On a monthly basis Morningstar calculates duration breakpoints based around the 3 year effective duration of the Morningstar Core Bond Index (MCBI).

Limited: To be placed in the limited section of the fixed income style box the funds three year average effective duration needs to fall under 75% of the three year average effective duration of the MCBI (Morningstar Core Bond Index). For example, if the three year average of the MCBI = 5.935, limited funds would have a three year average effective duration

<4.45. these funds have limited sensitivity to interest rate change.

Moderate: To be placed in the moderate section of the fixed income style box the funds three year average effective duration needs to fall between 75% and 125% of the three year average effective duration of the MCBI (Morningstar Core Bond Index). For example, if the three year average of the MCBI = 5.935, moderate funds would have a three year average effective duration>

= 4.45 and

<7.42. these funds have moderate sensitivity to interest rate change.

Extensive: To be placed in the extensive section of the fixed income style box the funds three year average effective duration needs to fall above 125% of the three year average effective duration of the MCBI (Morningstar Core Bond Index). For example, if the three year average of the MCBI = 5.935, extensive funds would have a three year average effective duration>

= 7.42. These funds have extensive sensitivity to interest rate change.

By using the MCBI as the duration benchmark, Morningstar is letting the effective duration bands to fluctuate in lock-steps with the market which will minimize market-driven style box changes.

Municipal bond funds with duration of 4.5 years or less qualify as low; more than 4.5 years but less than 7 years, medium; and more than 7 years, high.

Non-US domiciled funds use static duration breakpoints. These thresholds are:

Historically, Morningstar followed the industry practice of reporting the average credit rating of a bond portfolio by taking a weighted average of ratings based on data provided by the fund company. However, because the default rates increase at an increasing rate between grades (a mathematical property called convexity), this method systematically understated the average default rate of a bond portfolio. For example, for U.S. corporate bonds as of the date of this document, the spread in default rates between CCC and BBB rated bonds was over 21 times that of the default rate spread between BBB and AAA bonds. Yet, the conventional method assumes that these spreads are equal. To see the impact of this, consider a portfolio of 90% AAA bonds and 10% CCC bonds. According to the conventional method, the average credit rating of this portfolio is AA. However, the average default rate for this portfolio is that of BB bonds.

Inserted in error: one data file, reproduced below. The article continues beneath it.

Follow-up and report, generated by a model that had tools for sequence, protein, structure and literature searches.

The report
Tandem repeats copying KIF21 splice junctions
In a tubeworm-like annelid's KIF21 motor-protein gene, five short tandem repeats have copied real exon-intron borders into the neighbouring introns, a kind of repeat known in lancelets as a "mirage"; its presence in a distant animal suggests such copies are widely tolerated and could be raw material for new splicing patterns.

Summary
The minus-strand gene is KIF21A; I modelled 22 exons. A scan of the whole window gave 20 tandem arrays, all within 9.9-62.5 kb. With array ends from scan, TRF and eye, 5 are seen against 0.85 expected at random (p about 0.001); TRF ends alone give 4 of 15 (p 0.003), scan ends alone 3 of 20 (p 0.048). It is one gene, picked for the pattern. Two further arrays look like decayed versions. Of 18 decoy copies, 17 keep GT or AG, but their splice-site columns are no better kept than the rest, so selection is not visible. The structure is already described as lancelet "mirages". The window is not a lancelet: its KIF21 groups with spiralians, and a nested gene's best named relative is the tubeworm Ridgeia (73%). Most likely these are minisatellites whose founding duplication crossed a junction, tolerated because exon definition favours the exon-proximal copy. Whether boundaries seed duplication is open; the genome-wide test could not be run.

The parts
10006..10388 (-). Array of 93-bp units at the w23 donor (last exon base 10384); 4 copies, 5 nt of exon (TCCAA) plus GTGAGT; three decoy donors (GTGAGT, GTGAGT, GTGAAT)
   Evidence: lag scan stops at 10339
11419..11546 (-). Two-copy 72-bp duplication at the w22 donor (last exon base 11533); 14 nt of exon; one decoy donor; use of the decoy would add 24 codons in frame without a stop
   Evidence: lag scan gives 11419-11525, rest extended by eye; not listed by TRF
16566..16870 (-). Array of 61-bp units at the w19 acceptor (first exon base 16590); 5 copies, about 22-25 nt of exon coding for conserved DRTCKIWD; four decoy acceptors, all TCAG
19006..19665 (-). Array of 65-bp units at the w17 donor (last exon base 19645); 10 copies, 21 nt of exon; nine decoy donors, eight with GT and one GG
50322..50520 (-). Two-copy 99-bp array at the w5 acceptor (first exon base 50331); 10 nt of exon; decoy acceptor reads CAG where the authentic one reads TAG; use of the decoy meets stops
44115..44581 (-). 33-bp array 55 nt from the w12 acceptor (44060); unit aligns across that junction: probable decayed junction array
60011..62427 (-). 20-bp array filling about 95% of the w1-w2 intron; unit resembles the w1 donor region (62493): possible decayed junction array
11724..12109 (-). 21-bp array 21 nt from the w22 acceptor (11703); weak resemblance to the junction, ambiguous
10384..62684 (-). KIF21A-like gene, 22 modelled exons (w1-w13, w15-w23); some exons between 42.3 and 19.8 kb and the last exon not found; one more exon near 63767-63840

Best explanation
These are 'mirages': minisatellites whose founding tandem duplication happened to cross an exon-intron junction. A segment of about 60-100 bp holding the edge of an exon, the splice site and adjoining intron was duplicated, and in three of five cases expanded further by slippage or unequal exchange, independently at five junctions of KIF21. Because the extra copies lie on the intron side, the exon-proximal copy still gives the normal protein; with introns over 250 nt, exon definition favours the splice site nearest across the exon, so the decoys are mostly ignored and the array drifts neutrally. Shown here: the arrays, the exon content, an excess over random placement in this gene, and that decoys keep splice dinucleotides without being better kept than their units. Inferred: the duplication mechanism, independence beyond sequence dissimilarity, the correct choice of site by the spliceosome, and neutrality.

To correct this bias, Morningstar takes the convexity of default rate curves into account when calculating the average credit rating of a portfolio. The first step is to map the grades of a portfolios constituents into relative default rates using a convex curve. Next, average the resulting default rates (rather than the grades) to come up with an average default rate for the portfolio. Finally, using the same convex curve Morningstar maps the resulting average default rate back into a grade. For example, a portfolio of 90% AAA bonds and 10% CCC bonds will have an average credit rating of BB under this new methodology.

Independent research confirms that the arithmetic average credit rating of a bond portfolio systematically understates the credit risk and that a more meaningful measure would be to average the default probabilities associated with each letter grade and then use the convex curve that relates the numerical representation of the letter grades to default probability to assign a letter or alphanumeric rating to the portfolio. This procedure is detailed in Appendix A.

Based on following breakpoints Morningstar maps the calculated average asset weighted letter credit rating (see Appendix A) for all portfolios on the vertical axis of the style box:

Low credit quality – where asset weighted average credit rating is less than BBB-

Medium credit quality – where asset weighted average credit rating is less than AA- but greater or equal to BBB-

High credit quality – where asset weighted average credit rating is AA- and higher

The data which drives the fixed income style box is surveyed from fund companies. Morningstar asks fund companies to send the following information on a monthly or quarterly basis for each of their fixed income or allocation funds.

For hybrid funds, both equity and fixed-income style boxes appear.

Load denotes either a funds maximum initial or deferred sales charge.

For initial, or front-end loads, this figure is expressed as a percentage of the initial investment and is incurred upon purchase of fund shares.